Program 3
"The Tune that Drove Composers Wild, Part 1"

MUSIC: Paganini's 24th Caprice [Telarc CD-80398] [Up then under

In 1820 an Italian violinist, unknown outside of his native country at the time, published a tune that was destined to drive audiences -- and composers -- wild ever since. His name: Niccolo Paganini. The piece: the last of 24 caprices for solo violin. These capricci, which explore virtually every aspect of violin technique, are still the supreme test of the abilities of any violinist. We'll explore Paganini, his 24th Caprice, and some of the compositions it inspired in this and the next edition of Compact Discoveries. I'm your guide, Fred Flaxman. I call this program "The Tune that Drove Composers Wild, Part 1."

MUSIC: [fades out]

Niccolò Paganini was one of the most extraordinary people in the entire history of music. The famous 19th Century French composer Hector Berlioz called him a comet. Berlioz wrote: "Never did a flaming star burst more abruptly on the firmament of art or excite in the course of its universal ellipse more astonishment mixed with a sort of terror before vanishing forever."

The program notes for the James Ehnes recording of all 24 Paganini Caprices on the Telarc label says that there has never been anything quite like Paganini. "He was rumored to be a murderer, a seducer, an escaped convict. One report held that three hundred of his auditors were 'in the hospital suffering from over-enchantment.' A satirist thought his incomparable virtuosity 'enough to make the greater part of the fiddling tribe commit suicide.' The celebrated opera composer Meyerbeer once followed Paganini on his travels through northern Europe in an attempt to penetrate the mystery of his powers. Otherwise perfectly reasonable and sober Englishmen poked him with their canes as he walked the streets of London, just to see if he was really made of flesh and blood. Paganini won his Stradivarius in a wager that he could play at first sight a piece that no other violinist could play with preparation."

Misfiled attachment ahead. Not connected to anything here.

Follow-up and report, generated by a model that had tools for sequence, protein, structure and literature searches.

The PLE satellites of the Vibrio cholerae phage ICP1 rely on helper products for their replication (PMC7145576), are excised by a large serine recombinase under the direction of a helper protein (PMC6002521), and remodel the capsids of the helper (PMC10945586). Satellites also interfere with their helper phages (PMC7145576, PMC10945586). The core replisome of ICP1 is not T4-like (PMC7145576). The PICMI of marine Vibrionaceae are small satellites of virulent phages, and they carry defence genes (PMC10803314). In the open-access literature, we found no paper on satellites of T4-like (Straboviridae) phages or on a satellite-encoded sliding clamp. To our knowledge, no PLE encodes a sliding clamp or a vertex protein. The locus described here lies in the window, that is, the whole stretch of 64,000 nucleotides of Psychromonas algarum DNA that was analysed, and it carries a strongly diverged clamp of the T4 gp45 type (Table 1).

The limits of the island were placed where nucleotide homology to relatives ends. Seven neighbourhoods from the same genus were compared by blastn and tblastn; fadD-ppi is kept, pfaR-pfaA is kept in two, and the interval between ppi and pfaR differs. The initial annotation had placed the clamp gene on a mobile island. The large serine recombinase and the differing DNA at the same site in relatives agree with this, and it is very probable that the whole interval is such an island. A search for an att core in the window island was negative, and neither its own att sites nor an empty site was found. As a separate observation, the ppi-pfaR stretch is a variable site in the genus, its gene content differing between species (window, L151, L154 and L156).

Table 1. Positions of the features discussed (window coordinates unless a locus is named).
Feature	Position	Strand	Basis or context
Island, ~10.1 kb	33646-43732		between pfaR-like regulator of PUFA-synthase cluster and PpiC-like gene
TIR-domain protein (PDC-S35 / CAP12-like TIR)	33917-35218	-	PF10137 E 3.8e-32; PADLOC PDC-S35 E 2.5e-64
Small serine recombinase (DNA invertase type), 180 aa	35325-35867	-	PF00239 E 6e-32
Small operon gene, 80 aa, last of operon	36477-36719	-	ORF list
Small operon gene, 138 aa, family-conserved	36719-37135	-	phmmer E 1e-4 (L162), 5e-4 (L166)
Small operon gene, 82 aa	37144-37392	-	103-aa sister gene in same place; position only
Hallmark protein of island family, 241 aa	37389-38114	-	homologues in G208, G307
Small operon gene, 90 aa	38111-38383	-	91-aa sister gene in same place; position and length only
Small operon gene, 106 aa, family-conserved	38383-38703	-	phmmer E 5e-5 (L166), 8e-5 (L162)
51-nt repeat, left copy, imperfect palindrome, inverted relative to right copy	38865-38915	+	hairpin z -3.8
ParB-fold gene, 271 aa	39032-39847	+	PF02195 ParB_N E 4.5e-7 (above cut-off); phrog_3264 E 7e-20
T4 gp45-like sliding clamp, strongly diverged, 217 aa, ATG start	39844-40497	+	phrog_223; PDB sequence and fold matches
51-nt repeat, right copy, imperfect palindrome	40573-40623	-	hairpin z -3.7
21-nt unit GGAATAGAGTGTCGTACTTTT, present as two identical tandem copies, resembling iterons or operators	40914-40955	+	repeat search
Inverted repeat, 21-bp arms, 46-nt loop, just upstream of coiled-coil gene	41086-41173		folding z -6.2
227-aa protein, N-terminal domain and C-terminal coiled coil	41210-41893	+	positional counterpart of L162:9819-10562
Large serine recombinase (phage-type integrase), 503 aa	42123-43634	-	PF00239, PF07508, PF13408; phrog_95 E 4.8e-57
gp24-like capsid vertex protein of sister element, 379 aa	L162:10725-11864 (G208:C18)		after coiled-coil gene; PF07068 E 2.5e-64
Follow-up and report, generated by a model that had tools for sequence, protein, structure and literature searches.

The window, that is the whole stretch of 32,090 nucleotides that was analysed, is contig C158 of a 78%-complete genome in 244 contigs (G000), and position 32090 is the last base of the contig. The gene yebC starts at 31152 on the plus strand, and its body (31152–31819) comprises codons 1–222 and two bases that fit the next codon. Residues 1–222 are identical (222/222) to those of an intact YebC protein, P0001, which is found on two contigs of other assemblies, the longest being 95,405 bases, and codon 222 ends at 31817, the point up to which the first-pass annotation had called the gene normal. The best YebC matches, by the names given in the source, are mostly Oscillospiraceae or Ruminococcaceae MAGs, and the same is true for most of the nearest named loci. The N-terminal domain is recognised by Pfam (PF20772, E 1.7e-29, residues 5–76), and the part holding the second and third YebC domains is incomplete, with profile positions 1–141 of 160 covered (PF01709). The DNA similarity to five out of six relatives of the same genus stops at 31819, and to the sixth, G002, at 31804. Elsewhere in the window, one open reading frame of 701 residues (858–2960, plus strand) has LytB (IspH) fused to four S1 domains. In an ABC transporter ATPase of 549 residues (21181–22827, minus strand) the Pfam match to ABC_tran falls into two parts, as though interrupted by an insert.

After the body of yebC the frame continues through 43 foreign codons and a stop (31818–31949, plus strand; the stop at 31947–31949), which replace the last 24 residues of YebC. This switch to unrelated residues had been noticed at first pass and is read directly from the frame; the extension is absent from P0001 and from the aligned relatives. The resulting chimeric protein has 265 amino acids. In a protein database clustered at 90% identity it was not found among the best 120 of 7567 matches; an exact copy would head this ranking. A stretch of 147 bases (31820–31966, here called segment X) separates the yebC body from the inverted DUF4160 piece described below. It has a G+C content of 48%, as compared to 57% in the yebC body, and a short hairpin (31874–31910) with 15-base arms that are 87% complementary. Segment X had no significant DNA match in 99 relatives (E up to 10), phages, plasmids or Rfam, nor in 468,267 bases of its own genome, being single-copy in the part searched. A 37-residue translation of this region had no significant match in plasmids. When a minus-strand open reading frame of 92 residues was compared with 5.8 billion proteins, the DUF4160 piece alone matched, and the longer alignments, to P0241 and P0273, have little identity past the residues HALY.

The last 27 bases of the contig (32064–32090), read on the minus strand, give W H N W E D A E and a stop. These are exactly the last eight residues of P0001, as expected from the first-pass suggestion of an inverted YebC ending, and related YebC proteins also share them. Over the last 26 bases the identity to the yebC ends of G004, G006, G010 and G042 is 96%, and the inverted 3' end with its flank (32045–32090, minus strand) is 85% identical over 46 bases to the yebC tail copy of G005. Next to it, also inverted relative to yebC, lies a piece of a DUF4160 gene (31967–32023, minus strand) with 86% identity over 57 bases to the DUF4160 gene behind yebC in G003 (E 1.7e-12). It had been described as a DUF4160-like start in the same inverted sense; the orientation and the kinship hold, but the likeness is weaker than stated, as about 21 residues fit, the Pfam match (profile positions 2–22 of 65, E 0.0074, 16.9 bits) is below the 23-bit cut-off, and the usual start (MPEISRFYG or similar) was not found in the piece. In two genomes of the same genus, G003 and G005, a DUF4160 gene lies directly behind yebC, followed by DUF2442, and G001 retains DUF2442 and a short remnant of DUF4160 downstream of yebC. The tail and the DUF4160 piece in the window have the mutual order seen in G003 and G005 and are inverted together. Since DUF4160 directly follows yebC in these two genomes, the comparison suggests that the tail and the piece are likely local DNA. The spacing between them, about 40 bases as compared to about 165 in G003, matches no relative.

It was Paganini, in effect, who wrote the first set of variations on his own tune, because the 24th Caprice, short as it is, is itself in theme and variations form. Let's listen to the whole piece now -- it takes less than four and a half minutes -- as performed by James Ehnes. [2:51]

MUSIC: Caprice No. 24 in A Minor, Opus 1, for Solo Violin by Paganini [Telarc CD-80398, Band 24]

The Caprice No. 24 in A Minor, Opus 1, for Solo Violin by Niccolo Paganini, as performed by violinist James Ehnes. It is from a Telarc CD which includes the other 23 Paganini Caprices as well.

The 24th Caprice is the tune that has driven other composers wild ever since. The first famous composer to write variations on the Paganini theme was Franz Liszt. His Grandes Études de Paganini, written in 1851, some 30 years after the original, took on six pieces by Paganini, transcribing them for piano. The sixth piece, which is a little over five minutes long, is called Theme and Variations in A Minor. [7:57]